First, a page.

After almost being cancelled several times on NBC, the network grim reaper finally caught up with the offbeat sitcom last May. But, as expected, ABC came to the rescue and took Scrubs over for season eight. Now, it looks like the doors of Sacred Heart will be closing for real this time… or will they?
Primarily seen through the eyes of intern-then-physician John “J.D.” Dorian (Zach Braff), Scrubs centers around a group of egocentric doctors and nurses. Joining him at the hospital are best friend Chris Turk (Donald Faison), driven Elliot Reid (Sarah Chalke), head nurse Carla Espinosa (Judy Reyes), abrasive Doctor Perry Cox (John McGinley), chief of medicine Doctor Bob Kelso (Ken Jenkins), and the hospital’s unnamed janitor (Neil Flynn). Others in the cast include Robert Maschio, Aloma Wright, Sam Lloyd, Christa Miller, Johnny Kastl, Travis Schuldt, Frank Encarnacao, Charles Chun, Mike Schwartz, and Michael Hobert.
Created by Bill Lawrence, the offbeat sitcom debuted on October 2, 2001 on NBC. The first season of Scrubs drew an average of 11.2 million viewers and the second season built on that success, averaging almost 16 million viewers. Viewership declined to 10.4 million for season three and dropped dramatically after that. Season four average just 6.9 million and seasons five, six and seven each averaged just 6.4 million. With numbers like that, it’s no surprise that the sitcom has been on the chopping block several times over the years.
It didn’t help matters that NBC changed Scrubs’ timeslot many times throughout the show’s run. Because the show was produced by ABC’s in-house studio, there were also plenty of heated renewal negotiations. NBC finally gave up on the show last May and ABC picked it up for the 2008-09 season. Though the show’s ratings weren’t very good, Scrubs is very profitable for Disney/ABC in syndication. So, though season eight might not be very profitable in its network run, the company will more than make up for it in syndication profits.
When ABC picked up the series, it was made clear that Braff and Lawrence wouldn’t be sticking around past season eight. Reyes later indicated that she was done as well, planning to pursue film and stage work.
Earlier this month, Faison committed to a new sitcom pilot for ABC, costarring Cedric the Entertainer, called The Law.
This week, McGinley committed to a drama pilot for CBS, playing a reserve police officer. Back revolves around a character played by Skeet Ulrich (Jericho) who returns home after being reported missing during the September 11 attacks.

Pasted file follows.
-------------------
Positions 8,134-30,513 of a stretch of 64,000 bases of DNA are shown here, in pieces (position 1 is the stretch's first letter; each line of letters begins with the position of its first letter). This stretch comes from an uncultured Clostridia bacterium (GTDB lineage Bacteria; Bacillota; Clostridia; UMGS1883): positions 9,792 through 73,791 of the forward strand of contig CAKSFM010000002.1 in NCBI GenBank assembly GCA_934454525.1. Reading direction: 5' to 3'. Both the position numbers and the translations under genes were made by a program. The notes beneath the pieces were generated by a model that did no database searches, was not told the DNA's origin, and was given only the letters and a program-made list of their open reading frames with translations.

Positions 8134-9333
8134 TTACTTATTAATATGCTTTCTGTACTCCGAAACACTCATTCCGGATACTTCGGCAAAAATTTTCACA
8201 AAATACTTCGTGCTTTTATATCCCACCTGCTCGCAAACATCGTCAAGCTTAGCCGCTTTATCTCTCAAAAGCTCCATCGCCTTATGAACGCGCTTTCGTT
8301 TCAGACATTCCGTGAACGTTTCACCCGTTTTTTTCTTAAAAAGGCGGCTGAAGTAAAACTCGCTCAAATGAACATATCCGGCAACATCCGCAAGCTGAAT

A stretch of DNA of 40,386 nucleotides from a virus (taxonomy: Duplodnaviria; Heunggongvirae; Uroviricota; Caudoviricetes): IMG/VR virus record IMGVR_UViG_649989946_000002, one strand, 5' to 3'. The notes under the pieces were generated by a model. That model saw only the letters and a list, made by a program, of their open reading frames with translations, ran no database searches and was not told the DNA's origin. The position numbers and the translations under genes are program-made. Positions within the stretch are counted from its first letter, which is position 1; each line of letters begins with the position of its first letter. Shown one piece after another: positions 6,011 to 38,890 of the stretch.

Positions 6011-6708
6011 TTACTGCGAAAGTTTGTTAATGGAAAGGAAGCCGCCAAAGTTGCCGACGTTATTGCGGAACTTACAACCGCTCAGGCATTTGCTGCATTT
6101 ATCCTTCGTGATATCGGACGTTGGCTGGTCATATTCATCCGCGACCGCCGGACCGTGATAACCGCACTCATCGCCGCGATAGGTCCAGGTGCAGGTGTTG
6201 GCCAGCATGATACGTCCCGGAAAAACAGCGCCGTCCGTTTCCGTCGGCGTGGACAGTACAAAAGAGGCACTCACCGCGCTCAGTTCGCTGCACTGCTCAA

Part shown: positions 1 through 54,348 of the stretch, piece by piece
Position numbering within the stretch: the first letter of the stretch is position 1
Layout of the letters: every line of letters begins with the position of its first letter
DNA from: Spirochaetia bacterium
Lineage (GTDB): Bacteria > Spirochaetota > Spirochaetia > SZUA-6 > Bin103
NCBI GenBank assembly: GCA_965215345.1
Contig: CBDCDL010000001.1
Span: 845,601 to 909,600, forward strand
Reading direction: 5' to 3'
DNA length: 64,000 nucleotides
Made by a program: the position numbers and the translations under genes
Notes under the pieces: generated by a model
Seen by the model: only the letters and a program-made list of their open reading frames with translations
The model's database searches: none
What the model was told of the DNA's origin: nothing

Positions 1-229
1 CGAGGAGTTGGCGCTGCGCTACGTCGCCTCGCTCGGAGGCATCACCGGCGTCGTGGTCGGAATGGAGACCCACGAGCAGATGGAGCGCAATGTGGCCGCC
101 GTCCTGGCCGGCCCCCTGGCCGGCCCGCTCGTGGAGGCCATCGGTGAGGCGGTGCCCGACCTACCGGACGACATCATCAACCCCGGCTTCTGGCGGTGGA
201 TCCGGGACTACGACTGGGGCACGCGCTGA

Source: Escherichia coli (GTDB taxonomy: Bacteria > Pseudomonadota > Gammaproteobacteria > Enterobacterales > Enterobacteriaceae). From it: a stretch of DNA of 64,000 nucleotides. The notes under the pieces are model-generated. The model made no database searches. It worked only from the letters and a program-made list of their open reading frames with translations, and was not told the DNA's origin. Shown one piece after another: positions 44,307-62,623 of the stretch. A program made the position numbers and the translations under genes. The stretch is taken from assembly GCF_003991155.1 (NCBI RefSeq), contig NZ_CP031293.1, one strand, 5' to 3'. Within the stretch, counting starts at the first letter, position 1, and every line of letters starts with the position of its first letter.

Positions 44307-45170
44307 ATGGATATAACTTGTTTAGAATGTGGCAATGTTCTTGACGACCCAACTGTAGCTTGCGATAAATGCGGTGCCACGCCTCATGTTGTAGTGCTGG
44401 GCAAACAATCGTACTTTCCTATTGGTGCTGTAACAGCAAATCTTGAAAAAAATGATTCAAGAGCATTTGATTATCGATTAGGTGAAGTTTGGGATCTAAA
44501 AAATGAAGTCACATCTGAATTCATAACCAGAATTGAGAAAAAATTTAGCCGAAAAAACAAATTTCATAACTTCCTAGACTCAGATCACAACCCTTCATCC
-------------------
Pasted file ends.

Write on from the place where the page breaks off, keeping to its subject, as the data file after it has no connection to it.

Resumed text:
With poor ratings and its stars and creator planning to jump ship, it’s been widely assumed that season eight would be the end. In an interview in January, McGinley assumed that Scrubs was over.
He told AOL, “Billy is so smart in the TV landscape and he peppered the cast with these new interns, kind of taking care of the “just in case” scenario. If all of a sudden instead of six or seven million people a week watching Scrubs… if for some reason, all of a sudden 10 million people a week started watching Scrubs, then ABC would bring it back, but that’s not that realistic. The same six to seven million people have watched Scrubs for eight years. The demographic is young men — that’s the only reason we’ve been on — but those numbers don’t really make anybody stand up and dance. It’s just that young men from 18 to 35 watch the show and, for some reason for advertisers, that’s the most desired demographic. That’s the only reason we’ve been on for eight years.”
Well, apparently that demographic is still very important to ABC. Our friend Korbi is reporting that ABC’s president Steve McPherson just told Lawrence that like to bring Scrubs back for season nine. His only caveat is that he’d want Braff to make a handful of appearances.
If most of the main cast and Lawrence jumped ship, would you be interested in seeing a sitcom centered around the new interns and a few old-schoolers? What would it be called? Scrubs: The Next Generation?
If that doesn’t come to pass, Scrub’s last episode will be one of two installments airing on May 6th. Titled “My Finale,” the episode will revolved around J.D.’s exit from the hospital so that he can move closer to his son. Several guest stars will be on hand for the goodbye, including Tom Cavanagh (as J.D.’s brother, Dan) and others who’ve played patients of the young doctor’s.
Image courtesy ABC.